On vouchers and his own record of bipartisan work, McCain was forceful, hitting Obama over the head with the success of the D.C. vouchers and offering a very serious list of bipartisan compromises to Obama’s empty claims of the same.
Whether it be bringing climate change to the floor of the Senate for the first time; whether it be opposition to spending and earmarks; whether it be the issue of torture; whether it be the conduct of the war in Iraq, which I vigorously opposed; whether it be on fighting the pharmaceutical companies on Medicare–on prescription drugs, importation; whether it be fighting for an HMO patients bill of rights; whether it be the establishment of the 9/11 commission, I have a long record of reform and fighting through on the floor of the United States Senate…Senator Obama, your argument for standing up to the leaders of your party isn’t very convincing.
McCain was proudly pro-life, but his attacks on Obama’s abortion record lacked fire, allowing Obama to utter this utter falsehood unchallenged:
If–if it sounds incredible that I would vote to withhold lifesaving treatment from an infant, that’s because it’s not true.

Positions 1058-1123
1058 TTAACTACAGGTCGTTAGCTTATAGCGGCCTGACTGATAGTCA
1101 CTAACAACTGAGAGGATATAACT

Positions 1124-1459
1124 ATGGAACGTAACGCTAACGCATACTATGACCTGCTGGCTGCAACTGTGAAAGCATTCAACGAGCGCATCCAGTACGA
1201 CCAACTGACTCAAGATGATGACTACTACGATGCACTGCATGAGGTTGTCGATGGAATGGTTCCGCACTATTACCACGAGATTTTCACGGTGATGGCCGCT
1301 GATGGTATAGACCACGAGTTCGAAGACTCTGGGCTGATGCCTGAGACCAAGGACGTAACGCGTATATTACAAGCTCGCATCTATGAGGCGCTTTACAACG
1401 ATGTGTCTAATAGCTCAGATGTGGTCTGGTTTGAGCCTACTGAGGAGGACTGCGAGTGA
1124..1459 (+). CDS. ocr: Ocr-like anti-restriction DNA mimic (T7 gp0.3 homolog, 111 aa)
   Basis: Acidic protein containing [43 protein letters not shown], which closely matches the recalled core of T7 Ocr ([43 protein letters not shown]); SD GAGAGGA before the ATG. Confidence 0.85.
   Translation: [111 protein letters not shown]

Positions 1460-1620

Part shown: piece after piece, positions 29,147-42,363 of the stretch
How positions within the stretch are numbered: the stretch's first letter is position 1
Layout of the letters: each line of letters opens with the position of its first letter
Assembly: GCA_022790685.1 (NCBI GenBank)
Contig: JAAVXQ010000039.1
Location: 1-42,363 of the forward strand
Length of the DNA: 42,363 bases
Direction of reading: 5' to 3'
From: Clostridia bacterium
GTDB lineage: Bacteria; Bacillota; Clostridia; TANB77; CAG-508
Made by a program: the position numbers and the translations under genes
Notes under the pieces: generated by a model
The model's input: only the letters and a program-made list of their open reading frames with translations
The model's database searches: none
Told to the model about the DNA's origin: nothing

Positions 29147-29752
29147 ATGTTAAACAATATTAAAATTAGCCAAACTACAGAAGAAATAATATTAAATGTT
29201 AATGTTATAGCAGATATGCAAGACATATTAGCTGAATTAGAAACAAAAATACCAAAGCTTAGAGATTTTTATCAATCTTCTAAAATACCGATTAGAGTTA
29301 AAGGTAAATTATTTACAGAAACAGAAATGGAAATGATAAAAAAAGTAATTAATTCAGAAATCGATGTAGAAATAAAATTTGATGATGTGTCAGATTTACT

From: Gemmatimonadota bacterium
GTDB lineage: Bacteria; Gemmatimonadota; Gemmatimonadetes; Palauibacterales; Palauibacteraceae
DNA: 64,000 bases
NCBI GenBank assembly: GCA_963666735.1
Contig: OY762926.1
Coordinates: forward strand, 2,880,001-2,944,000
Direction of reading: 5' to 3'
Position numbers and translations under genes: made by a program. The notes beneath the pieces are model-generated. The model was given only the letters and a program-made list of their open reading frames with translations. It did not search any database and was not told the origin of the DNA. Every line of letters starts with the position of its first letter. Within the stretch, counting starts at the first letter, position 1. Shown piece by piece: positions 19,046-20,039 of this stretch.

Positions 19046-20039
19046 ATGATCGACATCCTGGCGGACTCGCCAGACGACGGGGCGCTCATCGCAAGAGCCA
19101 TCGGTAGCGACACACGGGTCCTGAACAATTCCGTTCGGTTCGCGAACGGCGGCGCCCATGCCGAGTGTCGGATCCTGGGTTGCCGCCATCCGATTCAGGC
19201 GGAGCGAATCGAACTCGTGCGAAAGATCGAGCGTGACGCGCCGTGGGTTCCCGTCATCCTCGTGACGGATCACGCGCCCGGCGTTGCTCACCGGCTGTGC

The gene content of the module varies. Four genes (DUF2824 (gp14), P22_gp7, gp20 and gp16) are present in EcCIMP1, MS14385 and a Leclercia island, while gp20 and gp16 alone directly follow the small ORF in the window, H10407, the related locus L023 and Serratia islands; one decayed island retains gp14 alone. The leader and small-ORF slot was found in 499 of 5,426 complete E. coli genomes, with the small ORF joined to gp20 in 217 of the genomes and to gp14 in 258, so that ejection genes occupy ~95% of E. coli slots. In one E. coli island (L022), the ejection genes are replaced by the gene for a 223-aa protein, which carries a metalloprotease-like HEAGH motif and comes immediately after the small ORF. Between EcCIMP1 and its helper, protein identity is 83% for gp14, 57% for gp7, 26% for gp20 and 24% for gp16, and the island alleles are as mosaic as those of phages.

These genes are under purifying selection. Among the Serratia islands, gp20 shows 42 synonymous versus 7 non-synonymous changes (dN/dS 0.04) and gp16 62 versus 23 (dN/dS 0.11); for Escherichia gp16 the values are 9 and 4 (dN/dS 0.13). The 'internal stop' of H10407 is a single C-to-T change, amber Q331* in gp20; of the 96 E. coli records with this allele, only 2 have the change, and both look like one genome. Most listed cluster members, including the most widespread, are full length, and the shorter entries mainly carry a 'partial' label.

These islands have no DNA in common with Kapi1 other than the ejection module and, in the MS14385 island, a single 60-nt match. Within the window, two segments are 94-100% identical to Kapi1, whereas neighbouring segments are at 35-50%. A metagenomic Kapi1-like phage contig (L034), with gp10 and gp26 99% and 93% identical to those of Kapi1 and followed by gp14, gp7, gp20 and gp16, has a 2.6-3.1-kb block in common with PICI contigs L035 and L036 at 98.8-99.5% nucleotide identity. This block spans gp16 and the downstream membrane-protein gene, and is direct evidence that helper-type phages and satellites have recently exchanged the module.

His argument on judges, and the bipartisan compromise required to get confirmations (which Obama did not join), was very strong, but he stopped short of saying, “The next president may have the responsibility of appointing three or more judges to the Supreme Court who will affect the law of the land for many, many years to come. I have a record on this issue, and have been honest about the judicial philosophy my appointees would represent. Judging by his description, Mr. Obama wants judges to be lawmakers, social workers, and therapists. With all due respect, Sen. Obama, that is not their job, and the American people aren’t up for lifetime appointments for judges who misunderstand that.” McCain was strong on his defense of free trade, referring specifically to our lack of agreement with Columbia and what it’s costing our country, but he failed to make Obama’s protectionism look like a problem in an economic sense. He did, however, make it a national security issue skillfully:
So Senator Obama, who has never traveled south of our border, opposes the Colombia free trade agreement; the same country that’s helping us try to stop the flow of drugs, into our country, that’s killing young Americans, and also the country that just freed three Americans that–that will help us create jobs in America, because they will be a market for our goods and products without have to pay–without us having to pay the billions of dollar–the billion dollars and more that we’ve already paid. Free trade with Colombia is something that’s a no-brainer. But maybe you ought to travel down there and visit them and maybe you could understand it a lot better.